One of the more controversial aspects of the Unification Church is the allegations of sexual rituals and strange sexual behavior. One feature that is common among many insular cults is that the cult leaders are often accused of sexually preying upon their female members, and the Unification Church is no exception. There is an exposé of this practice; a book called The Tragedy of the Six Marys, which explains the fact that the Reverend Moon believes or professes that he needs to purify mankind by having sex with six married women, called the Six Marys—that act will purify them, purify their blood. They will have to then go out and have sex with men other than their husband, which would purify them, and this would start a chain reaction, which would eventually purify the blood of all of mankind, of all of humanity. But over time the six Marys turned into sixty and the sort of revolving door of different women that he is alleged to have had sex with all under this justification—justification that he is doing his job of purifying their blood. He claims that, essentially, his sleeping around is providential and inspired by God.

J: In 1974, during the Watergate scandal, Moon asked his followers to pray for Nixon because Nixon was in a boat-load of trouble at that time. And because of this, Nixon publicly thanked them and officially received Moon, basically giving Moon street cred at the time. And this gave the church widespread media attention and also helped increase numbers. In 1977, South Korea used the church members as agents who worked as volunteers in congressional offices in the United States government. In 1982, Moon established The Washington Times newspaper in Washington D.C. In 1984, the church founded the Washington Institute for Values in Public Policy, a Washington D.C. think-tank. In 2000, Moon founded the World Association of Non-Governmental Organizations (WANGO), which describes itself as "a global organization whose mission is to serve its member organizations, strengthen and encourage the non-governmental sector as a whole, increase public understanding of the non-governmental community and provide the mechanism and support needed for NGOs to connect, partner and multiply their contributions to solve humanity's basic problems." However, it's been criticized for promoting right-wing ideologies and undermining some of the ideals of the United Nations. And finally in 2003, Korean Unification Church members started a political party in South Korea. So his religion has been very much infused with influencing governments.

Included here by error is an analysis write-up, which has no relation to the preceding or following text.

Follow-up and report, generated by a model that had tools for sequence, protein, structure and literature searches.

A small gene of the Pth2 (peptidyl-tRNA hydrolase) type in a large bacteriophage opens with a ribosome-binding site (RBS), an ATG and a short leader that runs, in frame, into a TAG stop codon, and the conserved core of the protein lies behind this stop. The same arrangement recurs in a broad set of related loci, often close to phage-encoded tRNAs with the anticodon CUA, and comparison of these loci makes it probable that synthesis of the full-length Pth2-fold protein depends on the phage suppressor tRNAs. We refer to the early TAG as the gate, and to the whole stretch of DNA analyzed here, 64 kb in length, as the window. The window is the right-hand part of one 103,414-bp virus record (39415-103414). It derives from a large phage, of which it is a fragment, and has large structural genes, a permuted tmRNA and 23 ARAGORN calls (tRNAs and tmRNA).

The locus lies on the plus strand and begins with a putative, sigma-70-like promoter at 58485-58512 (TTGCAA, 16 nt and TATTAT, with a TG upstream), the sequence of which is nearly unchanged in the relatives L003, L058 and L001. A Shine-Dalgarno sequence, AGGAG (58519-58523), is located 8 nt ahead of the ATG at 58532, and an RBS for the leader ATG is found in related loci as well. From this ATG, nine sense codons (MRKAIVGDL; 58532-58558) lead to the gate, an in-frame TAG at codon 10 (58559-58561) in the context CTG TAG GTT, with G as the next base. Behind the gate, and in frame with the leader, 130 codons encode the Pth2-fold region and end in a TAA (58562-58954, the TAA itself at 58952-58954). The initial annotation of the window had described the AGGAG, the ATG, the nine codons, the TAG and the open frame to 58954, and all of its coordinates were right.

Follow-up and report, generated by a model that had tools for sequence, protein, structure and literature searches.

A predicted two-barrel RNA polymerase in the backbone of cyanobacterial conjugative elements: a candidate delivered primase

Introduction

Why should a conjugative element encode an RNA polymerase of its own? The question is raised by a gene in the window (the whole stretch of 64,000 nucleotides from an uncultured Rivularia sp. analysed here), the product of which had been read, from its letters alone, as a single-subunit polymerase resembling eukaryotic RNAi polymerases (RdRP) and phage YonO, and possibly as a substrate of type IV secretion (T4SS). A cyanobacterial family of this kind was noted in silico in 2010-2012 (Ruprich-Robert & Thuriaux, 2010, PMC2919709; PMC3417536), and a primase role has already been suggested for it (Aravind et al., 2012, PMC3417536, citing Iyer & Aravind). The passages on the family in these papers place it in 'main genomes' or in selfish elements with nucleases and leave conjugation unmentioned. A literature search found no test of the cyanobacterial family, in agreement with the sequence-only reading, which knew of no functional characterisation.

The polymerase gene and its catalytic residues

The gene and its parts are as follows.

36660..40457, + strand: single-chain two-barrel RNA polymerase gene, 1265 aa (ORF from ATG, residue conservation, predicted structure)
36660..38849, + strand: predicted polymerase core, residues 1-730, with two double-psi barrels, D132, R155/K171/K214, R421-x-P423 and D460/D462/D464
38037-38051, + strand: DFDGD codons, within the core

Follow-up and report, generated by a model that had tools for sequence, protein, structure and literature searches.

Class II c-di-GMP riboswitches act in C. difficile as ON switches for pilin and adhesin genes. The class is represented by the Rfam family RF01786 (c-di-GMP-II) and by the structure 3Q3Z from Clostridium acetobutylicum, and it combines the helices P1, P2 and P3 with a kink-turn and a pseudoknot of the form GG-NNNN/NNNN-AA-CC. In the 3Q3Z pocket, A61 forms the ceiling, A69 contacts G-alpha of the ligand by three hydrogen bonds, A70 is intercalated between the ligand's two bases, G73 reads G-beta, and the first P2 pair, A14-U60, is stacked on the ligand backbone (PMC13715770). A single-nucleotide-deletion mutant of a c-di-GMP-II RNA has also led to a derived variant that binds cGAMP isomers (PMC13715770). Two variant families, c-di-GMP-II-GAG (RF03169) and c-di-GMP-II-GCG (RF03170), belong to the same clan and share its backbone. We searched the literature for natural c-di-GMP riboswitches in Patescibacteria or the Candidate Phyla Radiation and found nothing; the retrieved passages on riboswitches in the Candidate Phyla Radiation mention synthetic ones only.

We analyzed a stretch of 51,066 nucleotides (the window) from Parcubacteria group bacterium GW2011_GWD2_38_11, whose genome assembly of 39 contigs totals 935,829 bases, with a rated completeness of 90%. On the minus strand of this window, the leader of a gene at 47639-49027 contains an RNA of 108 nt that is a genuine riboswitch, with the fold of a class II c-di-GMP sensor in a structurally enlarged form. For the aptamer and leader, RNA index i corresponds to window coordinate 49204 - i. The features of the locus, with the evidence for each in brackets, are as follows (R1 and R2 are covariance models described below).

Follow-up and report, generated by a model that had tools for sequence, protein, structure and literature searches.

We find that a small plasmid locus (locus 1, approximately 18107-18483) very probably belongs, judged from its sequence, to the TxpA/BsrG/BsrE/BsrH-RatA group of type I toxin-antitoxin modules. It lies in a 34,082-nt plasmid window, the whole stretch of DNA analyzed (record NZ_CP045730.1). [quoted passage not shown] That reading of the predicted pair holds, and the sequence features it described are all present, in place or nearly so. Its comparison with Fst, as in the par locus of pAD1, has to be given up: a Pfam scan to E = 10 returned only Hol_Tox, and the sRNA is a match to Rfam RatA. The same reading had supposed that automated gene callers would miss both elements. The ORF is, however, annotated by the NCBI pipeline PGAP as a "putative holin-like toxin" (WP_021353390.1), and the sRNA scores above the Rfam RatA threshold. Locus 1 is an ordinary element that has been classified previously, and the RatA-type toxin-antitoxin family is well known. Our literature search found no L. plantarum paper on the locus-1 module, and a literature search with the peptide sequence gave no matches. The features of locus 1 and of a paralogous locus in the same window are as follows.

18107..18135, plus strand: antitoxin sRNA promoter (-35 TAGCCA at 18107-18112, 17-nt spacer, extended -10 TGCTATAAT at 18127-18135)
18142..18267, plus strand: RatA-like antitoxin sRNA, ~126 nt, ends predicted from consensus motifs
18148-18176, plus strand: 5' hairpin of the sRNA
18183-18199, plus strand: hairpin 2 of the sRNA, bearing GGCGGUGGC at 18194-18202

S: Certainly the staunchest critics of the Unification Church say, "you know, you really can't understand its operations as a cult or as a religion; it really is a multinational conglomeration" and he has his hands in a lot of things: many many businesses, many investments; there are accusations of lots of shady, even criminal dealings; maybe even drug dealing. Often spending billions of dollars to influence politics in the United States is ostensibly about providing just political cover, so that he can, you know, be untouchable, as it were. You know, once you get a few presidents speaking nicely about you it kinda does give you some protection. He's put three billion dollars, by some estimates, into The Washington Times, so that they can be essentially a propaganda organ to promote right-wing politics. And it's not necessarily even clear that that's his ideology; it's just that that's a political maneuvering in order to peddle influence. Influence that he can use to then carry out the nefarious business of this multinational conglomeration. So if you believe the worst criticisms of the church, it really is just a front. It's not so much that these businesses are a front for the church so much as the church is a front for these multinational businesses. And it must be successful in that Moon has billions of dollars to throw around. So clearly, that end of things has been tremendously successful. But still in the minds of many people it's this obscure cult called "The Moonies" and it seems to be very benign. But when you dig deep, there's a lot that is not benign at all about the kind of activities that they engage in.

S: SGU 5x5 is a companion podcast to the Skeptics' Guide to the Universe, a weekly science podcast brought to you by the New England Skeptical Society in association with skepchick.org. For more information on this and other episodes, visit our website at www.theskepticsguide.org. Music is provided by Jake Wilson.